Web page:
Enrico Fermi (1901-1954) was an Italian physicist and winner of the Nobel Prize in Physics in 1938.
In 1942, Fermi moved to the Chicago Meteorological Laboratory, where he built an experimental reactor stack under Stagg Field at the University of Chicago. construction was completed on December 1, and the reactor went critical the next day. In August 1944, Fermi went to Los Alamos as an associate director and key consultant.
at the hanford site in 1944, fermi inserted the first uranium block into the “b” stack reactor, just as he had inserted the first stack in the cp-1 reactor two years earlier. during the test of the “b” reactor, fermi was in charge of directing the operations. His meticulous calculations, completed with a slide rule, determined how much uranium needed to be added to the reactor; measurements confirmed that his calculations were astonishingly accurate.
however, the start-up failed when the reactor shut down. John Wheeler hypothesized that some unknown substance was being formed during fission and was absorbing the neutrons needed to sustain the reaction. Fermi immediately agreed with Wheeler’s explanation and began working with him to find the unknown poison. By comparing the half-life of different radioactive gases to the amount of time the reactor failed, Wheeler and Fermi were able to discover that the troublesome substance was xenon-135.
at los alamos, fermi served as associate director of the laboratory. after the trinity test, fermi commented: “my first impression of the explosion was a very intense flash of light and a sensation of heat in the parts of the body that were exposed. although I did not look directly at the object, I had the impression that the field suddenly became brighter than in broad daylight.”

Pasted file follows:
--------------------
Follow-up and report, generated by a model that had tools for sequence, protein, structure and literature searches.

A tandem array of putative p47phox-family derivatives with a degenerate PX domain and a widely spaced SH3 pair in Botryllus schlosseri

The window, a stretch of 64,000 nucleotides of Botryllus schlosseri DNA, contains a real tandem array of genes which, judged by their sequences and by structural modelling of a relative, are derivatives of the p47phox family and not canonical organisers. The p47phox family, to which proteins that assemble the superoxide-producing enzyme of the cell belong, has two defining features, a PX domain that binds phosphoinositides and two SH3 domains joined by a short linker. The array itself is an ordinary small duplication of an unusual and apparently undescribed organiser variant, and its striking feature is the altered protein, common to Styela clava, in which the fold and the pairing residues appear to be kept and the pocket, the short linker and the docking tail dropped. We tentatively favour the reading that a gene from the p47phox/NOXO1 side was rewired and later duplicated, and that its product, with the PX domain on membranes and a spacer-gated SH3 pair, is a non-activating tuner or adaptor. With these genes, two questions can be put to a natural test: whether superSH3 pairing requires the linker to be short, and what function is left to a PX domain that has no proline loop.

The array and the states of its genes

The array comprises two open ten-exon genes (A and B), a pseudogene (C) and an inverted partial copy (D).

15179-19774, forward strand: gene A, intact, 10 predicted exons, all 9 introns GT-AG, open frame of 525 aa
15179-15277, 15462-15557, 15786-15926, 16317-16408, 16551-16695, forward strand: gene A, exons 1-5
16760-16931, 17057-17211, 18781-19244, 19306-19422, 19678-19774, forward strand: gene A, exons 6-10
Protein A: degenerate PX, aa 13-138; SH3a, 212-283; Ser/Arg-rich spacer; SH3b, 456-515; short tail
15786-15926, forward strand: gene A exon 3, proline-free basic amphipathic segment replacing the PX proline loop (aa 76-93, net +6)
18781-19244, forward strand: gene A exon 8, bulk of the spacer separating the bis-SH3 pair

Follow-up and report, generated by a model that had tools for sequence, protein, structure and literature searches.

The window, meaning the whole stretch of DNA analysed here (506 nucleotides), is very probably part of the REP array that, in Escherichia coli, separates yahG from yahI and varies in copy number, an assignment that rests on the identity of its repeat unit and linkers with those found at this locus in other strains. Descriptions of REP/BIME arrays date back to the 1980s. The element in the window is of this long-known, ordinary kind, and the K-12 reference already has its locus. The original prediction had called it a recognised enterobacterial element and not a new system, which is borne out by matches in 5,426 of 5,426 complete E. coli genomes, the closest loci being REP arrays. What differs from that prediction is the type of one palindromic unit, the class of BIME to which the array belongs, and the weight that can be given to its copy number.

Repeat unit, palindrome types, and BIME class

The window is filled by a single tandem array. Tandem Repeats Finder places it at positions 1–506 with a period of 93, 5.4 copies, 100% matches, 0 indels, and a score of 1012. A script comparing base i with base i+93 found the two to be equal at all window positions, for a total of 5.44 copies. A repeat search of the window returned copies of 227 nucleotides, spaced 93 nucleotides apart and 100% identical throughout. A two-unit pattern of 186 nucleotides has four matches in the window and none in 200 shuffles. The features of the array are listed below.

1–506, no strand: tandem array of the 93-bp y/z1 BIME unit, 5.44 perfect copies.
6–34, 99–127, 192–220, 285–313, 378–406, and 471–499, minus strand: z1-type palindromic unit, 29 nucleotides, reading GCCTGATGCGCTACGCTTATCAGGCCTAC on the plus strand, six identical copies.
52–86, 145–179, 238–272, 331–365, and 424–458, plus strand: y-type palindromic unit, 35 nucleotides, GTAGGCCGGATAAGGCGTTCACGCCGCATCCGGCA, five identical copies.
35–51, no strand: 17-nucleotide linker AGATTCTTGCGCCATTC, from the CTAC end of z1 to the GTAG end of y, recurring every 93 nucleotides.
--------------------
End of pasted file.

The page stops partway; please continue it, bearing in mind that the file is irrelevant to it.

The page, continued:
always the inquisitive scientist, fermi seized the opportunity to conduct his own experiment. just as the explosion hit, he dropped several pieces of paper. having measured its displacement and doing a quick mental calculation, fermi declared: “that corresponds to the burst produced by ten thousand tons of tnt.”
fermi advised the interim committee on targeting, recommending that the bombs be used without warning against an industrial target.
In 1944, Fermi became a US citizen and, at the end of the war, accepted a professorship at the Institute for Nuclear Studies at the University of Chicago, a position he held until his untimely death. there he turned his attention to high energy physics and conducted research on the pion-nucleon interaction. He also served on the General Advisory Committee of the Atomic Energy Commission.
The Enrico Fermi Award, a prestigious science and technology award granted by the United States government, bears his name.
In 1938, Fermi received the Nobel Prize in Physics “for his demonstrations of the existence of new radioactive elements produced by neutron irradiation, and for his related discovery of nuclear reactions caused by slow neutrons.” His research on the bombardment of elements to produce fissile isotopes was critical to the success of the Manhattan Project.
for more information on fermi’s research and scientific achievements, visit the nobel laureate’s website.